Use ‘parallel’ for easy multi-processor execution

I just discovered the parallel utility, which is a easy way to make use of multiple processors while munging data from the shell. I especially like that I can pipe data directly in and out of it, just like the other shell utils (sed, awk, cut, sort, etc).

From the examples on that page:
Use imagemagick’s “convert” command to downsize many images to thumbnails:
ls *.jpg | parallel -j +0 convert -geometry 120 {} thumb_{}

“-j +0″ means use as many processes as possible, based on the number present in the system

Or do it recursively using find:
find . -name '*.jpg' | parallel -j +0 convert -geometry 120 {} {}_thumb.jpg

I suspect this will become an integral part of my pipelines soon.

sort and uniq

This is part two in my series of short primers on useful tools for bioinformatics. I’m continuing the ‘back to basics’ theme here and talking about two shell commands today. sort and uniq are two utilities that I wish I had known about a few years sooner, as I now use them pretty much daily while munging data.

Sort does exactly what it says on the box: lets you order your data. In the simple case, you might have a file containing a list of gene names, and you’d sort it like this:

sort infile > outfile

Or it might contain numbers, so you’d want to sort it numerically, like so:

sort infile > outfile


Now, let’s say you’re working with tab-delimited data, which might contain genomic coordinates and scores:

chr1 100100 100200 19
chr1 100050 100099 3
chr1 100300 100600 20

To sort it numerically by the 4th column, we can use the -n and -k flags:

sort -n -k4 infile > outfile

If we want to reverse that order, add the -r flag:

sort -nrk4 infile > outfile

What about sorting by multiple columns? By default, -k uses a key that starts with the specified column and continues to the end of the line. Since we want only the nth column, we specify that using the comma syntax. So, to sort the above file by genomic coordinates (chr, start, stop), we can use something like this:

sort -k1,1 -k2,2n -k3,3n infile > outfile


After sorting your data, you can then scan it for unique lines using the uniq command. Basic usage will just keep the first instance of every value, throwing away the duplicates:

sort infile | uniq > outfile

You can also output only the unique values (throwing away any anything that appears more than once):

sort infile | uniq -u > outfile

Or output just the duplicates (throwing away anything that appears only once):

sort infile | uniq -d > outfile

It will even condense the lines and prepend a count of how many times each value appears in the file:

sort infile | uniq -c > outfile


As a simple example of real world usage, let’s imagine that I have lists of differentially expressed genes generated by two cell line experiments. I want to find out which genes are altered in both systems. One way to do this would be to write a little script to read in each file, then hash all the gene names and output any names that appear in both lists. With these tools, we can now do it in one line from the shell:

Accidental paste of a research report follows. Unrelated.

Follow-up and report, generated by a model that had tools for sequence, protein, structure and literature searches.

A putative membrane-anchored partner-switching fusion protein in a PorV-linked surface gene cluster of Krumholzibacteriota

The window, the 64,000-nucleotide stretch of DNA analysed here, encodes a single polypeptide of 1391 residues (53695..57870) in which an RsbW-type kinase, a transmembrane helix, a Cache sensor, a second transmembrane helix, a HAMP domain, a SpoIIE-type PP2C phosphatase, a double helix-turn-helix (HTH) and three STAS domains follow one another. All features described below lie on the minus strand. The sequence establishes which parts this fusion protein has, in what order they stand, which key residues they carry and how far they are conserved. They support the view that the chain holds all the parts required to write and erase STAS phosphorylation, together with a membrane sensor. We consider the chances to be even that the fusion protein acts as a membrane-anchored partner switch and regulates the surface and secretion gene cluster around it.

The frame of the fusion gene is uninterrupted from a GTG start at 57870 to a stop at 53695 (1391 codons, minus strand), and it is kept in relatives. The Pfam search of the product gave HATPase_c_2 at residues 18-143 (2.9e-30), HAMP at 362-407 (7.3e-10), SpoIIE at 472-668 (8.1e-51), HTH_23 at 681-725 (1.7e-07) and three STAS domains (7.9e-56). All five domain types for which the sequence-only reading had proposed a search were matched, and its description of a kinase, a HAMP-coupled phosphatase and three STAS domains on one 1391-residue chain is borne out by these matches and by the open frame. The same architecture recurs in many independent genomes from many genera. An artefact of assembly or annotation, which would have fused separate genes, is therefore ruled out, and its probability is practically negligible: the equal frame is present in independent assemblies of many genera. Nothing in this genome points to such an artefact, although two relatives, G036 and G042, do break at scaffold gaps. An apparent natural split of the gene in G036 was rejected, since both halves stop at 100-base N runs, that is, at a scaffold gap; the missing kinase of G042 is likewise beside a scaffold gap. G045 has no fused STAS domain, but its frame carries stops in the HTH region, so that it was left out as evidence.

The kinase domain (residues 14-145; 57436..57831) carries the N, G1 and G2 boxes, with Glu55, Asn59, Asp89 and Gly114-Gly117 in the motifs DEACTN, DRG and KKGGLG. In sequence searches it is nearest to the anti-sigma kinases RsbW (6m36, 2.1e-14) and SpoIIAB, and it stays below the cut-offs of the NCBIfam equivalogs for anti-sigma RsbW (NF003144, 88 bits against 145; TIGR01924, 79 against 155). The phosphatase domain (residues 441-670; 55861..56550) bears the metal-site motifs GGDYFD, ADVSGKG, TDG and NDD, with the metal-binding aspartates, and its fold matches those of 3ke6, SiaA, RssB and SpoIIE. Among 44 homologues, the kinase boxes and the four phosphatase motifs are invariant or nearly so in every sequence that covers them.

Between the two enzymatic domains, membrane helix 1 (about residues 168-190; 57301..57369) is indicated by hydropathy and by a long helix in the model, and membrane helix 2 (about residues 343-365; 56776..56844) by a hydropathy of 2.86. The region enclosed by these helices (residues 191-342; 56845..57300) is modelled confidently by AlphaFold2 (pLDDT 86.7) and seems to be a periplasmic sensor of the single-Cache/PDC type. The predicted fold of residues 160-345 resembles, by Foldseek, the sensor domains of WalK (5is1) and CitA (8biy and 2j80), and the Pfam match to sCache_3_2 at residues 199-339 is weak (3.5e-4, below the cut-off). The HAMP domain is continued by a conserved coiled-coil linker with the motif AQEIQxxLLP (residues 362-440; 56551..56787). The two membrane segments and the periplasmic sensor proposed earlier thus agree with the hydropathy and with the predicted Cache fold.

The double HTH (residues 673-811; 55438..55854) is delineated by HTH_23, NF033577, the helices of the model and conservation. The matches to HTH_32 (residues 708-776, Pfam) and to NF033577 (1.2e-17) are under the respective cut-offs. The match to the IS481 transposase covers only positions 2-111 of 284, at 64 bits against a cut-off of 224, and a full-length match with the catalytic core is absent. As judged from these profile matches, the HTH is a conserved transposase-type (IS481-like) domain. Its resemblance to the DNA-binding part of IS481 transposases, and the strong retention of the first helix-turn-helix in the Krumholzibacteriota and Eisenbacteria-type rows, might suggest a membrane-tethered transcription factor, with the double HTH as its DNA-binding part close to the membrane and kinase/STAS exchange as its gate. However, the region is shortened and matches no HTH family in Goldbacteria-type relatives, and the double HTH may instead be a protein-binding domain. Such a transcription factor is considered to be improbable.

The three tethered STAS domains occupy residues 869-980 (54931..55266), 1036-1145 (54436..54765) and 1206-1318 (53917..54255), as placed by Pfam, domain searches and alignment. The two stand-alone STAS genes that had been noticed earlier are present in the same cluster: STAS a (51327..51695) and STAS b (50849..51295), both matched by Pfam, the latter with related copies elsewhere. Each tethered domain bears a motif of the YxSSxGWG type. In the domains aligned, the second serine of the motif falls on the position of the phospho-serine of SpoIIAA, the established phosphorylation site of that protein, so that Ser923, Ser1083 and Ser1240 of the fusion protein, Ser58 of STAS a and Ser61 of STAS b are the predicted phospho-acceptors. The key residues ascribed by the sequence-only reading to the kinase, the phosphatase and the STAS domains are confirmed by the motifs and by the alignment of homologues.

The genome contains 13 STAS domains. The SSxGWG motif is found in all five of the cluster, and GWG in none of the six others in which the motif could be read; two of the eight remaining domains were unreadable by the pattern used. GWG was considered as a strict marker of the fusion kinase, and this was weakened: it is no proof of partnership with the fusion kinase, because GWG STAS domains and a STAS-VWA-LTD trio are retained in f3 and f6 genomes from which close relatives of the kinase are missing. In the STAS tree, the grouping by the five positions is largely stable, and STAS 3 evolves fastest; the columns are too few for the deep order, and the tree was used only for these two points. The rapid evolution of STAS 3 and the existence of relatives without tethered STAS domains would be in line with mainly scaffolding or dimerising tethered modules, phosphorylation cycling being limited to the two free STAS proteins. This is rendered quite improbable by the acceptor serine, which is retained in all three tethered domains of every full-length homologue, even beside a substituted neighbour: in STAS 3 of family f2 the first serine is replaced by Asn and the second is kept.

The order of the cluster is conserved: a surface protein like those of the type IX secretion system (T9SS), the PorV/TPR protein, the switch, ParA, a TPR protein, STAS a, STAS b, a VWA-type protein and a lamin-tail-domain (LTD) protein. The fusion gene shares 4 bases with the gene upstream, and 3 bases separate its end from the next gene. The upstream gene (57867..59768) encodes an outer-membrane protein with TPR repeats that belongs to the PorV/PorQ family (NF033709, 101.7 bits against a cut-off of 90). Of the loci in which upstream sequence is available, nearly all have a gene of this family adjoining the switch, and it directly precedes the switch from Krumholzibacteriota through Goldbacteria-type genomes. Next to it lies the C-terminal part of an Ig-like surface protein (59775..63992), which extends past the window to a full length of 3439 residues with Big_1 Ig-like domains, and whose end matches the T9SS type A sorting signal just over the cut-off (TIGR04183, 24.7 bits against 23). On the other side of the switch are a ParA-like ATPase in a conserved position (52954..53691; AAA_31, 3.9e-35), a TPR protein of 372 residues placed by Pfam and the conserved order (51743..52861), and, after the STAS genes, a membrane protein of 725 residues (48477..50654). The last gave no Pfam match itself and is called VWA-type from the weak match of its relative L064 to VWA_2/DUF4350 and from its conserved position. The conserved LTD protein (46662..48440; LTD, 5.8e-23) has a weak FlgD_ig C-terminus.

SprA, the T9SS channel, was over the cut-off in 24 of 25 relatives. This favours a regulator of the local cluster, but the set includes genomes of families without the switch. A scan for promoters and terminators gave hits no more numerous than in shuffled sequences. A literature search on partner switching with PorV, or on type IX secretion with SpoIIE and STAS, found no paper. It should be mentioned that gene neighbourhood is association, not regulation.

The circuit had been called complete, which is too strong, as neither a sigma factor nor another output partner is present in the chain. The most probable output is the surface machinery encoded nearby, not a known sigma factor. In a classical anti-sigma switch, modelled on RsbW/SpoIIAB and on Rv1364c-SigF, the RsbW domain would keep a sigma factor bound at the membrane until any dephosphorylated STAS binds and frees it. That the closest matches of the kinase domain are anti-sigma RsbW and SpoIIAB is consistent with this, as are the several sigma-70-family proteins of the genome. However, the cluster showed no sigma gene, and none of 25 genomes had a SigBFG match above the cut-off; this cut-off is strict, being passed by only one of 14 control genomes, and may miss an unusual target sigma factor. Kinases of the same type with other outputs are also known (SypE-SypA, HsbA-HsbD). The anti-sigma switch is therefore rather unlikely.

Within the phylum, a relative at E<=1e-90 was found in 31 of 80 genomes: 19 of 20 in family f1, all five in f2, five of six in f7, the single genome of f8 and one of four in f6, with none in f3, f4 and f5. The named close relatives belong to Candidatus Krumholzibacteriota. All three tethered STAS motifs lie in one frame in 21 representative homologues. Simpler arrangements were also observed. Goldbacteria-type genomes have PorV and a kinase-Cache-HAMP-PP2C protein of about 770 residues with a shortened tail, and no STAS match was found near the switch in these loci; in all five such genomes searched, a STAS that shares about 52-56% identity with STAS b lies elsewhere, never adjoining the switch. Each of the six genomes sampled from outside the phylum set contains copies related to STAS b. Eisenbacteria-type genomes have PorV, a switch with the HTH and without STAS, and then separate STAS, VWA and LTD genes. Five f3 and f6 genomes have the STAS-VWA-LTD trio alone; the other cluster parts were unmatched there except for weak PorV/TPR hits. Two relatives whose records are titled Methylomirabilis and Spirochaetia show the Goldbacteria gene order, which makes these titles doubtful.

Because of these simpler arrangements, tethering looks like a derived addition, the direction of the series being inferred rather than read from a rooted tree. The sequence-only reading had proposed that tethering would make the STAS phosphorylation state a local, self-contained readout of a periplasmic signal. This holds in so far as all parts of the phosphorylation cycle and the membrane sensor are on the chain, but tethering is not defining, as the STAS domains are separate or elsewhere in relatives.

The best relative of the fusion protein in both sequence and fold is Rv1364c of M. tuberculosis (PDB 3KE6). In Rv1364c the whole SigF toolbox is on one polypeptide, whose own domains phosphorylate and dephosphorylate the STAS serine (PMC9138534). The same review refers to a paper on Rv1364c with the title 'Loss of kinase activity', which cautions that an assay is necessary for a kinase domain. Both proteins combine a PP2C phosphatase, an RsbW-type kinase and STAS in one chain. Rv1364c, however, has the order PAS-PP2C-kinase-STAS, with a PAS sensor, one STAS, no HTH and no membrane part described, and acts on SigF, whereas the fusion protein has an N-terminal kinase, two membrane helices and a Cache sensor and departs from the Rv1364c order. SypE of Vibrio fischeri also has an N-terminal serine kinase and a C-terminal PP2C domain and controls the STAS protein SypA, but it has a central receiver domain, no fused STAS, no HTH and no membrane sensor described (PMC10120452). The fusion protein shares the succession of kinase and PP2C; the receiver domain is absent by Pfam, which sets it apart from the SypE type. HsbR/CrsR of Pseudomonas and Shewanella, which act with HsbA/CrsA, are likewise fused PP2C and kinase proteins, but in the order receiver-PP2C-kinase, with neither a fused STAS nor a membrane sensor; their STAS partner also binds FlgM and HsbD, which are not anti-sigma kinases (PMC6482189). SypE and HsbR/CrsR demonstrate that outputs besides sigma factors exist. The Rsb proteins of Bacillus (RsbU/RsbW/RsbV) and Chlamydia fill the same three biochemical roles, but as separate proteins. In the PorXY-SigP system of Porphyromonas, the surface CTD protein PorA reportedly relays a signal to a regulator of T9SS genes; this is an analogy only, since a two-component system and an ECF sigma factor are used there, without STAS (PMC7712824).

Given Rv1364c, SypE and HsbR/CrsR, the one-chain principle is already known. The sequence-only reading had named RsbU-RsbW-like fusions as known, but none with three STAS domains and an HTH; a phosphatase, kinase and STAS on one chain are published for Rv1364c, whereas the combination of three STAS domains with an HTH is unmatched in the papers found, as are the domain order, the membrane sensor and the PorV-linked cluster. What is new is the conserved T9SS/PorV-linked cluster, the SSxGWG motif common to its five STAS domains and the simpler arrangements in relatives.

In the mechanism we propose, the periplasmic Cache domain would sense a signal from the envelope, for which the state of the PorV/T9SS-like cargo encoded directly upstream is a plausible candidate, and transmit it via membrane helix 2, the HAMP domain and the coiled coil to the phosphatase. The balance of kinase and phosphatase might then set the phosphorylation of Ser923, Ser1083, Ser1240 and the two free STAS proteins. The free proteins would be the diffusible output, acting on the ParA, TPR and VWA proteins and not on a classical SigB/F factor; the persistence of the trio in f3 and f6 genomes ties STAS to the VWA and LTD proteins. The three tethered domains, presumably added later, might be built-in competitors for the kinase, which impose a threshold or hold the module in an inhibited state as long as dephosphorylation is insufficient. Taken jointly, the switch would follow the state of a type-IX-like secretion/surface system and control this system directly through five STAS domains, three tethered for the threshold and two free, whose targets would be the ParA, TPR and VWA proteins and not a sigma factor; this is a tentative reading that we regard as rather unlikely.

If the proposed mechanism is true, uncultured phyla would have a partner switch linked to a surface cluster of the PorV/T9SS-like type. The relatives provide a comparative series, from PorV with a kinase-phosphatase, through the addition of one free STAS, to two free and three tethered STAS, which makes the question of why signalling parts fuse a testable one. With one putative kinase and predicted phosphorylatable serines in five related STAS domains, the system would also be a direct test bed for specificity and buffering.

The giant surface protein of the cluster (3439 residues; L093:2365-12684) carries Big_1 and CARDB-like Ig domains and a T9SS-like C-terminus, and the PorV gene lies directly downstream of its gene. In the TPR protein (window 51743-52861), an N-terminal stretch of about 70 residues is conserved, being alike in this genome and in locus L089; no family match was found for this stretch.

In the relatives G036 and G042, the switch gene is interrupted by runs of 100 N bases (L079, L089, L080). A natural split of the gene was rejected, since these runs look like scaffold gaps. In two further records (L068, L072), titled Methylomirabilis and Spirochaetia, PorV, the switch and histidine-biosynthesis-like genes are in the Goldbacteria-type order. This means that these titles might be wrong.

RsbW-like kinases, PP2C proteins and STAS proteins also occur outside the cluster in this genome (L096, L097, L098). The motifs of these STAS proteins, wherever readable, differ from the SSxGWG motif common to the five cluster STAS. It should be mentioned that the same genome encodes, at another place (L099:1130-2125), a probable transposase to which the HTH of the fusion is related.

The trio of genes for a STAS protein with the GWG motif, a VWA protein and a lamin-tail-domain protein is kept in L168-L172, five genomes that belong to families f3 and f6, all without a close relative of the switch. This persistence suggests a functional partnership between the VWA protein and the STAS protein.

cat file1 file2 | sort | uniq -d

Lessons for article recommendation services

Today someone proposed the creation of a sub-reddit where scientists could recommend papers to each other. While it’s a nice thought, I can almost guarantee that it’s going to be a failed effort. There are already sites like Faculty of 1000, which try to use panels of experts to recommend good papers. In my experience, they mostly fail at listing things that I want to read.

The main reason such sites are useless is that we scientists are uber-specialized, so what you think is the greatest paper ever will likely have very litle interest for me. It’s not that I don’t want to read about cool discoveries in other fields, it’s just that I don’t have time to. Until they invent the matrix-esque brain-jack for rapid learning, I have to prioritize my time, and my field and my work will always come first.

There are only two systems I’ve found that work well. The first are recommendation systems based on what you’ve read in the past, and what your colleagues are reading. CiteULike, for example, recommends users that have bookmarked similar papers to you, and perusing through their libraries gives me an excellent source of material. The other quality source of recommendations is FriendFeed, where I can subscribe to the feeds of other bioinformaticians with similar interests, and we can swap links to papers and comments about those papers.

Both of these systems are all about building micro-communities, with a focus that you can’t achieve in larger communities like Reddit. In this way, it’s sort of like a decentralized version of departmental journal clubs, or specialized scientific conferences. Any site that ignores the value of creating this type of community is pretty much doomed to failure from the start.

(reposted from my personal blog)

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